Poets & Writers Ball
Tony Kushner conjures up literary magic and laughs at Inprint Poets & Writers Ball
Even though Phoebe and Bobby Tudor are fixtures on Houston's charity scene, they stay loyal to their Louisiana roots. That was evident at the Inprint Poets & Writers Ball, where the couple snagged Pulitzer Prize-winning writer Tony Kushner as the featured attraction because of their Pelican state connections. Kushner, who wrote the epic play Angels in America, grew up in Lake Charles and has a long and complicated relationship with his hometown.
"Most of you probably think of Tony as a New York writer, but here's a dirty little secret," Bobby Tudor said. "He's not a New York writer. He's a Southern writer at his core. All the pathos and Gothic absurdity and irony and humor, he comes by it naturally."
The result was one of the most memorable such gatherings in Inprint's 33-year history.
The evening, which was moved from its traditional gathering spot at Houston Country Club to the Houstonian Hotel in order to accommodate the sizable crowd, began as guests sipped cocktails in three large event rooms as writers — Robin Davidson, currently the city's Poet Laureate and author of the collection Luminous Other, novelist Matthew Salesses, author of The Hundred-Year Flood, and Leah Lax, author of the memoir Uncovered: How I Left Hassidic Life and Came Home — rotated into each space, reading excerpts from their work.
Afterwards, the 420 black-tie guests gathered in the hotel's main ballroom for dinner, where tables were decorated with literary-themed centerpieces featuring favorite books and items from personal collections. Themes included Brundibar by Kushner and Maurice Sendak (a children’s book based on a World War II children’s opera), All the Light We Cannot See by Anthony Doerr, The Little Prince, Anna Karenina, Northanger Abbey by Jane Austen, and books by U.S. immigrants and writers of the African diaspora.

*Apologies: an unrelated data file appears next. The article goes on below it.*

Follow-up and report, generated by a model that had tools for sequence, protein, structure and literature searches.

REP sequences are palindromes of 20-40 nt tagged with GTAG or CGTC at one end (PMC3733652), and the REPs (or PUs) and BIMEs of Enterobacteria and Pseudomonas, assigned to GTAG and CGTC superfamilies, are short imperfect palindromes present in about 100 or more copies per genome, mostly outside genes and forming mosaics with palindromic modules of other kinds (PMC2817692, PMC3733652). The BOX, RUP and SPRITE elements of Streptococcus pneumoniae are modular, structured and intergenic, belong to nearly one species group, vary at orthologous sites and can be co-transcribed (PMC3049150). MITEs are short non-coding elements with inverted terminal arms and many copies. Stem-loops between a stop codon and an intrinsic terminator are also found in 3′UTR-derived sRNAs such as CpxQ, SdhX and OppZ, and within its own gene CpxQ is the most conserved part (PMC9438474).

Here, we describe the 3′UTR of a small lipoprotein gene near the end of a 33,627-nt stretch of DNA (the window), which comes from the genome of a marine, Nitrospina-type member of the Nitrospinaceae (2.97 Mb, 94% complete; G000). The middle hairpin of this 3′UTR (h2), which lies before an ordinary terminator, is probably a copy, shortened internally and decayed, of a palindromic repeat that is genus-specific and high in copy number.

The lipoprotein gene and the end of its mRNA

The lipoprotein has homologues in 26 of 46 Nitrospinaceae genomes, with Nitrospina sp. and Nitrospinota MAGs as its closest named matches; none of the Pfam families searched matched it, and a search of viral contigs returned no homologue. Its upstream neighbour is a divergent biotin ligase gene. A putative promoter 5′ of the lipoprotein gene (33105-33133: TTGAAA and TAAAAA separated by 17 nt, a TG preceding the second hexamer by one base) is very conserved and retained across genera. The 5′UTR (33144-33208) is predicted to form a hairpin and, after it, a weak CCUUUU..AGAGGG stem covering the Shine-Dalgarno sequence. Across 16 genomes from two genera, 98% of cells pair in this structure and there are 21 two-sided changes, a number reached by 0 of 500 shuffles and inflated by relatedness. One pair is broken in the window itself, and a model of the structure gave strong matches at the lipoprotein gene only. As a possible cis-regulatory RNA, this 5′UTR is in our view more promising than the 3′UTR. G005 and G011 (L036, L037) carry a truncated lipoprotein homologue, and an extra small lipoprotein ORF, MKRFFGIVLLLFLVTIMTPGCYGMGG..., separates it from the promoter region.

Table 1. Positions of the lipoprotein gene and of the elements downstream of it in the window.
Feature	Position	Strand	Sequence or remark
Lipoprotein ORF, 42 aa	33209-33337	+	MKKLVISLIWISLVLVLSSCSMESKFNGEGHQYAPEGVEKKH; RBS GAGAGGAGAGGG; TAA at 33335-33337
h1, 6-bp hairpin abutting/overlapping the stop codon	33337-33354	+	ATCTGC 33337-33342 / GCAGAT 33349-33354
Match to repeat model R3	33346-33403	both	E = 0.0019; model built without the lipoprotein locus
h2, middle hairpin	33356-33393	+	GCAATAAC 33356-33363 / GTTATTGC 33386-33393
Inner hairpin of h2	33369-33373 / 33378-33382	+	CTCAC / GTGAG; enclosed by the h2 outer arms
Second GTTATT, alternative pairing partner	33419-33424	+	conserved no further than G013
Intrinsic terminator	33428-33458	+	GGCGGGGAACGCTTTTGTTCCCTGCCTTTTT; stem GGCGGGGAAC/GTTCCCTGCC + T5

Speaking at warp speed, Kushner gave a witty, densely-worded 30-minute after-dinner talk that included references to writing for the theater, Shakespeare, poetry, the meaning of art and life, family history and the absurdity of giving an "informal" talk in formal wear. He elicited lots of laughs, a few tears and a standing ovation at the end, along with a big hug from the Tudors.
The Kushner/Tudor connection began when Bobby's mother, Jane Anne, met Kushner's father, William on an airplane nearly 40 years ago. She recommended him for the job as conductor of the Rapides Symphony in Phoebe's and Bobby's hometown of Alexandria, where he led the orchestra from from 1968 until his retirement in 2002. The elder Kushner died in 2012.
"Although we children lived in different cities, we knew each other through our parents and saw each other at concerts and dinners over many years. We kept up with the talented Kushner children through the decades," Phoebe said.
As a thank you gift to guests, book designers Cathy Hunt and Fiona McGettigan of FioCat Press created a limited-edition handmade chapbook, Homebody/Kabul: An Excerpt, autographed by Kushner.
Inprint officials, including executive director Rich Levy and Dinah Chetrit, board chair Consuelo Duroc-Danner, president Christina Bryan and Trey Peacock, vice president Eleanor Gilbane and Dan Gilbane, secretary/treasurer Robbi Jones and Robert Ford, were thrilled with the turnout.
Also spotted in the crowd were Andrea and Bill White, Y. Ping Sun and David Leebron, Mark Wawro and Melanie Gray, Dina Alsowayel, Robin Angly and Miles Smith, Liz and Steve Crowell, Carolyn and Platt Davis, Rachel and Dr. Bud Frazier, Sis and Hasty Johnson, Sabria Lewis, Nancy Powell Moore, Bobbi and Vic Samuels, Sannam and Scott Warrender, and Marcia West and Ron Lewis.
The evening raised more then $412,000 for Inprint, Houston's major literary arts nonprofit organization.